Christianity has been steadily gaining followers in Wenzhou, Zhejiang since the mid 1800s; in a city sometimes called the “Jerusalem of the East,” an estimated 15% of the local population are church-going Christians. In recent months, many Christian churches in and around Wenzhou have been demolished or seen their crosses removed, and many more have been notified by provincial authorities that they will soon share one of these fates. Early Monday morning, there was a violent confrontation between police and protesters over a cross on display at the Salvation Church in Wenzhou. Reuters reports:
Police in eastern China clashed in the middle of the night with Christian protesters massed around their church on Monday, but failed to carry out a government order to remove a cross from the building, according to witnesses and online accounts.
Several people were injured in the two-hour melee.
[…] “We did not want them to get close, so we joined up to stop them getting in, but they came at us and beat us,” one of the protesters, who gave his family name as Zhang, told Reuters by telephone, putting the number of police at about 500.
Zhang said police had been unable to remove the cross, but had locked down the site.
Another witness, who asked not to be identified, said the clashes had started at 2 a.m. and went on for two hours. She knew of at least five people who needed hospital treatment.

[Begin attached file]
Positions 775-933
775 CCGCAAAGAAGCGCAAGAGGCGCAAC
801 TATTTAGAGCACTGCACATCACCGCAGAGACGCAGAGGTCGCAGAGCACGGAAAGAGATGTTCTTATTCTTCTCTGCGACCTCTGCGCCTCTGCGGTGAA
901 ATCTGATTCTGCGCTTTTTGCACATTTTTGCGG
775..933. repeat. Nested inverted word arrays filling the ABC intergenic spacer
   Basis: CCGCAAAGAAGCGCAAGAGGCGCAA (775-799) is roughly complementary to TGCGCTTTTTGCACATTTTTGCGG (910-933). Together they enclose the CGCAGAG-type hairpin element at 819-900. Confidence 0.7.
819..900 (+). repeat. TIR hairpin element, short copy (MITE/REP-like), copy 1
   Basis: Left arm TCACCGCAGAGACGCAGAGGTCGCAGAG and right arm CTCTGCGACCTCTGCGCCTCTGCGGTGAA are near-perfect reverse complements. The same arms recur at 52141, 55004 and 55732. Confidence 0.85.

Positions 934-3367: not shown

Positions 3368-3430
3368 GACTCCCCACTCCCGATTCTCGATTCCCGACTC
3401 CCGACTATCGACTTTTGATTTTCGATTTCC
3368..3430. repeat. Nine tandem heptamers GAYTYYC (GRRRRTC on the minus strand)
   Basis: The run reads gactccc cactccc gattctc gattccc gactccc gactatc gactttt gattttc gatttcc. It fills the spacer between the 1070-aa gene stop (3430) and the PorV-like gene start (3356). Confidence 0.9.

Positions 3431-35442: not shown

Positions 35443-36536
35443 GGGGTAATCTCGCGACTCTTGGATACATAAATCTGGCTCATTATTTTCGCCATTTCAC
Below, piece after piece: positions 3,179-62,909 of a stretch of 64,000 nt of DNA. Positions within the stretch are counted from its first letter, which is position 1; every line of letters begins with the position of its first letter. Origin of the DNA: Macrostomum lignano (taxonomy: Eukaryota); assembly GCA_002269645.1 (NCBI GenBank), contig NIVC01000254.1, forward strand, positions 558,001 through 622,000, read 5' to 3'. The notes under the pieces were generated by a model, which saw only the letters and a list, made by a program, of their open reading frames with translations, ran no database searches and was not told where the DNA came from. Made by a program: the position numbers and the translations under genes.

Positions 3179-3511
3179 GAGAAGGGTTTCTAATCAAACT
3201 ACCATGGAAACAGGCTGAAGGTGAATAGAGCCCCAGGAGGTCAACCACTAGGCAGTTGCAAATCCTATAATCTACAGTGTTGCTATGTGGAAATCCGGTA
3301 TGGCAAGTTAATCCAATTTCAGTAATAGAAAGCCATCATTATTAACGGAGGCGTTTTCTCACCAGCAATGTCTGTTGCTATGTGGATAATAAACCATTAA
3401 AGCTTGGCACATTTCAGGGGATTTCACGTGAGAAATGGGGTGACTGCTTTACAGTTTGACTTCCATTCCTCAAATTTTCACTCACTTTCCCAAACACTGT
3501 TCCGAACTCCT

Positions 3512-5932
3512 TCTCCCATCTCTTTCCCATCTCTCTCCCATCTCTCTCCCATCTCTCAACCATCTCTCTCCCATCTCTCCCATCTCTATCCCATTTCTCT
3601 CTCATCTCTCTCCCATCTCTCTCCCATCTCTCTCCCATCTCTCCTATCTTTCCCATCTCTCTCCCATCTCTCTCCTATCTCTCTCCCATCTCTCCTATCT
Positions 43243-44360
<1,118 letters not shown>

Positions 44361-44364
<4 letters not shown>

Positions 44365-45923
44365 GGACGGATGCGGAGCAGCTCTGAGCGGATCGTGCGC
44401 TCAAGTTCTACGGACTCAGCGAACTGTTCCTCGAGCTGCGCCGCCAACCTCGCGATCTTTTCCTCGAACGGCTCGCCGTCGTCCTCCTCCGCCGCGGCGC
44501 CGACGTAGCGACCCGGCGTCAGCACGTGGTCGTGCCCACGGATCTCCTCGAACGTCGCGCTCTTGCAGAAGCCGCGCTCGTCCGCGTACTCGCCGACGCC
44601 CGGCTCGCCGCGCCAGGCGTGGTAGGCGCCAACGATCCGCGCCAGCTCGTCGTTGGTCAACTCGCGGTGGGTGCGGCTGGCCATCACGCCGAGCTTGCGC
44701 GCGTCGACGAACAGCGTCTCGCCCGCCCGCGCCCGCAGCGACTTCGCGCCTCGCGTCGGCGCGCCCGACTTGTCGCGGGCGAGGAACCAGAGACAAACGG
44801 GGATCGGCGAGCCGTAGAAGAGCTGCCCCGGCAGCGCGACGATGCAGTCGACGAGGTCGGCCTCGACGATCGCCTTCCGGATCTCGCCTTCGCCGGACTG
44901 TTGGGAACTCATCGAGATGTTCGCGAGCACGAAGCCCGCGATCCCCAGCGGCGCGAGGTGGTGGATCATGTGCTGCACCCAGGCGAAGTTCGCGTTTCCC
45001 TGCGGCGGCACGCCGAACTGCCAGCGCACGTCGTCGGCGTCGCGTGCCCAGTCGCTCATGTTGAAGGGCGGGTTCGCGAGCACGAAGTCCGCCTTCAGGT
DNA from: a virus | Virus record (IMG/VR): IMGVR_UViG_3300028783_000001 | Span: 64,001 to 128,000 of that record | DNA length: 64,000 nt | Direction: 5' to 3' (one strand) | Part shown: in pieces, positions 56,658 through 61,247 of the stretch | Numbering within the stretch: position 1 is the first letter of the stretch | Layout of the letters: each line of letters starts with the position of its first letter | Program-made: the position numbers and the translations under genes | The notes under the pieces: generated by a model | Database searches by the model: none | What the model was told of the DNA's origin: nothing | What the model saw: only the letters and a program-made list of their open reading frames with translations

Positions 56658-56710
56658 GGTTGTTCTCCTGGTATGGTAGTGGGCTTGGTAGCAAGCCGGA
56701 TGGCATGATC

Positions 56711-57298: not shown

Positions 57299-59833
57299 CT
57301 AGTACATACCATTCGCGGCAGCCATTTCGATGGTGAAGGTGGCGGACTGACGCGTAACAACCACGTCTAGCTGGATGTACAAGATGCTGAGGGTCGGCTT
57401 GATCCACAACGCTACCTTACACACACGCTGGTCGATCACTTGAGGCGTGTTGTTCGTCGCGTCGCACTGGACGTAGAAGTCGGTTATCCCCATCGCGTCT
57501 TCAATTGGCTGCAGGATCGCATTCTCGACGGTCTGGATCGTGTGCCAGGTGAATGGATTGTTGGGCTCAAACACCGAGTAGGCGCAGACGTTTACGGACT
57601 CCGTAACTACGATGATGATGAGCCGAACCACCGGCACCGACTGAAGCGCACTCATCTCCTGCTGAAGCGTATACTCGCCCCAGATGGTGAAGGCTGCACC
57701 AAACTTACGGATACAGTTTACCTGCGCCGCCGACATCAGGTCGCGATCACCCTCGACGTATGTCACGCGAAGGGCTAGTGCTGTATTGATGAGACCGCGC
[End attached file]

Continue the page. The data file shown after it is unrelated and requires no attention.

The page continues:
“We are Christians and are not looking for trouble, and if the government comes to us with reasonable requests, we will not oppose it. But using force on us at 2 a.m. is unacceptable and we cannot understand why they are doing it,” she added. […] [Source]
On Twitter, protest archivist Lu Yuyu shared photos from the clash:
— 非新聞 (@wickedonnaa) July 21, 2014
While the government has denied accusations of a campaign against Christianity, a recently leaked policy document on the regulation of “overly popular” religious activities mentioned only Christianity. The New York Times notes that local Christians are standing guard in all of the Wenzhou area churches recently informed of impending cross removals or demolition. The Times also reports that, much to the disappointment of congregation members, following the bloody scuffle, the director of the Salvation Church agreed to the cross removal:
“My heart is broken,” said another man who has been guarding the church every night since the Monday morning melee with the police and strongly opposes removing the cross. “It’s so disappointing,” said the man, also surnamed Chen. “We’ve defended the church and we shed blood, but he compromised to agree that the cross be removed. May God have mercy on him.”
He said he was afraid that the police would return after the storm passes, and try once again to bring down the cross. “The storm came here today; they didn’t come,” he said. “I don’t know if they’ll come back tomorrow. We will defend the cross to the death.”
[…] If Christian resistance cannot prevent crosses from being removed in Zhejiang, [sociology professor Yang Fenggang] said, it was possible that similar measures might be taken in other provinces in the next year or two. Referring to the clash at Salvation Church on Monday, he said, “If similar things happen again but don’t get any attention from the outside world, this crackdown may continue.” [Source]
In Henan Province earlier this month, Zhang Shaojie, the pastor of a state-sanctioned Protestant church, was sentenced to 12 years in prison on charges of fraud and “gathering a crowd to disrupt public order.” Zhang had earlier played a role in a land dispute between his church and the local government.